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Schwinger showed that for a charged elementary fermion, the g-factor obeys g/2 = 1 + alpha / 2*pi + O(alpha^2) .

Given that g/2 is the ratio between the "charge rotation" and the "mass rotation", the expression should imply that charge rotates faster than mass (assuming that both have the same spatial distribution). Is this correct? Or is it the other way round?

Schwinger calculated the anomalous magnetic moment of electron, not of any fermion. Proton and neutron have quite significant anomalous magnetic moments, which are calculable.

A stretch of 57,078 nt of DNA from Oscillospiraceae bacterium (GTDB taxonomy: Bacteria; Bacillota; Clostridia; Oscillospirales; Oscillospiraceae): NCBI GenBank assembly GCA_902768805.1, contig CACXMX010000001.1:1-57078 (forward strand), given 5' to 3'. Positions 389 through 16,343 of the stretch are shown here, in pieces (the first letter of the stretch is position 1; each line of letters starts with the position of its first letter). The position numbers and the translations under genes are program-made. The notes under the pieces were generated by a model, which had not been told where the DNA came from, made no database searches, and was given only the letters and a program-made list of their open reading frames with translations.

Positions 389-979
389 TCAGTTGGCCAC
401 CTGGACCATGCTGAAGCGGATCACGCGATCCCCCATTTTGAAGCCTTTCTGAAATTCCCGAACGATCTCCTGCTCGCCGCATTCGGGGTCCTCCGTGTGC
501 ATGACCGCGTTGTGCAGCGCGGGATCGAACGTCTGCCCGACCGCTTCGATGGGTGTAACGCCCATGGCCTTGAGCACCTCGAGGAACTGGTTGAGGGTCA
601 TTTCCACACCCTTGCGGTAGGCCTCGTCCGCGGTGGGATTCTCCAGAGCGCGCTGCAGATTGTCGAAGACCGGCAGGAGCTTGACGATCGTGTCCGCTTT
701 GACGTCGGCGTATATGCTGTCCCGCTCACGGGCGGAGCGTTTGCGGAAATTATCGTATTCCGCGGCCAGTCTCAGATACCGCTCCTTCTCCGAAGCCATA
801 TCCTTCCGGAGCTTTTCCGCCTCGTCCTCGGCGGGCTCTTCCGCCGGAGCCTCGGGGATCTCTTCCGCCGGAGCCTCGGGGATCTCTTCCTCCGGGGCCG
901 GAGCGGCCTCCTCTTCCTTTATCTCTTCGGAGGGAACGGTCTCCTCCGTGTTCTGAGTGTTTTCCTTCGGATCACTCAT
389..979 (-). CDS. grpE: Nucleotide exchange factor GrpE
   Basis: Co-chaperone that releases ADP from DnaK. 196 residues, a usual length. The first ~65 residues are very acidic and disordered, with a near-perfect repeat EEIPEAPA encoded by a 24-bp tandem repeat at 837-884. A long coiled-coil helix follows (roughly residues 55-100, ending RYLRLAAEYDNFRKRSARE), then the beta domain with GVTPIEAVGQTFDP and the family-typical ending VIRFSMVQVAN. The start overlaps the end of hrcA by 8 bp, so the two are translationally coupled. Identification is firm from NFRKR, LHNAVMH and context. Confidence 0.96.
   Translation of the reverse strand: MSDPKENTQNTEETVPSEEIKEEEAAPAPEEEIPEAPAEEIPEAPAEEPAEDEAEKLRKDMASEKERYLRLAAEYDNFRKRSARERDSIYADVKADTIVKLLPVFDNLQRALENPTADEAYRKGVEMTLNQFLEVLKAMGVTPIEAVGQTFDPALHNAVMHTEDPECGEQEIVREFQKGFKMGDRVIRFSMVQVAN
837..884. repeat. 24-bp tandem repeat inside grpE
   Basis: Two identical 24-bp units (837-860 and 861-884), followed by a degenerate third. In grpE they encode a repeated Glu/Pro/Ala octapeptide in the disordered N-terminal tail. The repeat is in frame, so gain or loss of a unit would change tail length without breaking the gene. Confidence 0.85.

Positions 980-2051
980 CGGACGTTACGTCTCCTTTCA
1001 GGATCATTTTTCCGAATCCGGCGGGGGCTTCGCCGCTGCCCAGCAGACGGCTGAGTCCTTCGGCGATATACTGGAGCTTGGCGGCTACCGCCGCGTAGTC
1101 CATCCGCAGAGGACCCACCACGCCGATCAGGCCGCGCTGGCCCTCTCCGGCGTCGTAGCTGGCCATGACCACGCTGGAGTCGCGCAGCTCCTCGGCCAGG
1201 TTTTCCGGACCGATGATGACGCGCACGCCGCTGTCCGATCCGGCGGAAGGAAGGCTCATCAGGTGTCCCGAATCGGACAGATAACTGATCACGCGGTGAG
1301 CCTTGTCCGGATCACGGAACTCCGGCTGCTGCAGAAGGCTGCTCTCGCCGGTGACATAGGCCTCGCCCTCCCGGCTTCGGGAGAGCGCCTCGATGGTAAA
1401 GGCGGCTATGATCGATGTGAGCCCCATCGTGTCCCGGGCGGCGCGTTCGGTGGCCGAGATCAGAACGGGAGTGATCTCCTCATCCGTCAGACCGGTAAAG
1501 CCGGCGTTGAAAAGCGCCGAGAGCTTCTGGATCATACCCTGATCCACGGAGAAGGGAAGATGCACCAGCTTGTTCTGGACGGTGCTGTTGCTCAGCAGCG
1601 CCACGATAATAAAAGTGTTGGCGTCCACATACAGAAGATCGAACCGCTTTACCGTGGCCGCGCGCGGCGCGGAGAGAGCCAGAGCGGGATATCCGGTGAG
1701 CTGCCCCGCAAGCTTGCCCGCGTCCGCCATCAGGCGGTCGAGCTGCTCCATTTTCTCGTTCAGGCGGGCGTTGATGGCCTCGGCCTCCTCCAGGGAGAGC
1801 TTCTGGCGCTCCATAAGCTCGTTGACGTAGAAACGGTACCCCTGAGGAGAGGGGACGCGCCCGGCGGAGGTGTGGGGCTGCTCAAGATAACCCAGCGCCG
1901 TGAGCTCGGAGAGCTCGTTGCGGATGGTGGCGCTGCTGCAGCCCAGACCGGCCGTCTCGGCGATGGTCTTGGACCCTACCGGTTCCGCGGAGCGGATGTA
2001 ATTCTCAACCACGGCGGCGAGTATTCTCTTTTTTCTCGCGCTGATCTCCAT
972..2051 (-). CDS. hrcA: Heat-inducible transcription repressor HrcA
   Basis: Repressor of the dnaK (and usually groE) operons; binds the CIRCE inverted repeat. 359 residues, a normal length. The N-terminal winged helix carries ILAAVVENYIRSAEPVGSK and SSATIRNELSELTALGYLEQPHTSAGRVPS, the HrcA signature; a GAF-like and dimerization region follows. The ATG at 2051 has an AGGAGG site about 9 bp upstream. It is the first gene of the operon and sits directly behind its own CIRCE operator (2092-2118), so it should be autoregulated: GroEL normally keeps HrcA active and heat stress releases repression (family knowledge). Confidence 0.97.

A macroscopic solid body, bearing some charge, may have any ratio of the angular momentum to magnetic moment, but it does not mean that the charged parts move differently than uncharged ones. Vote to close.

I added "elementary" to the question, which I had implied but forgotten to state explicitly.

This is not graduate-level, voting to close.

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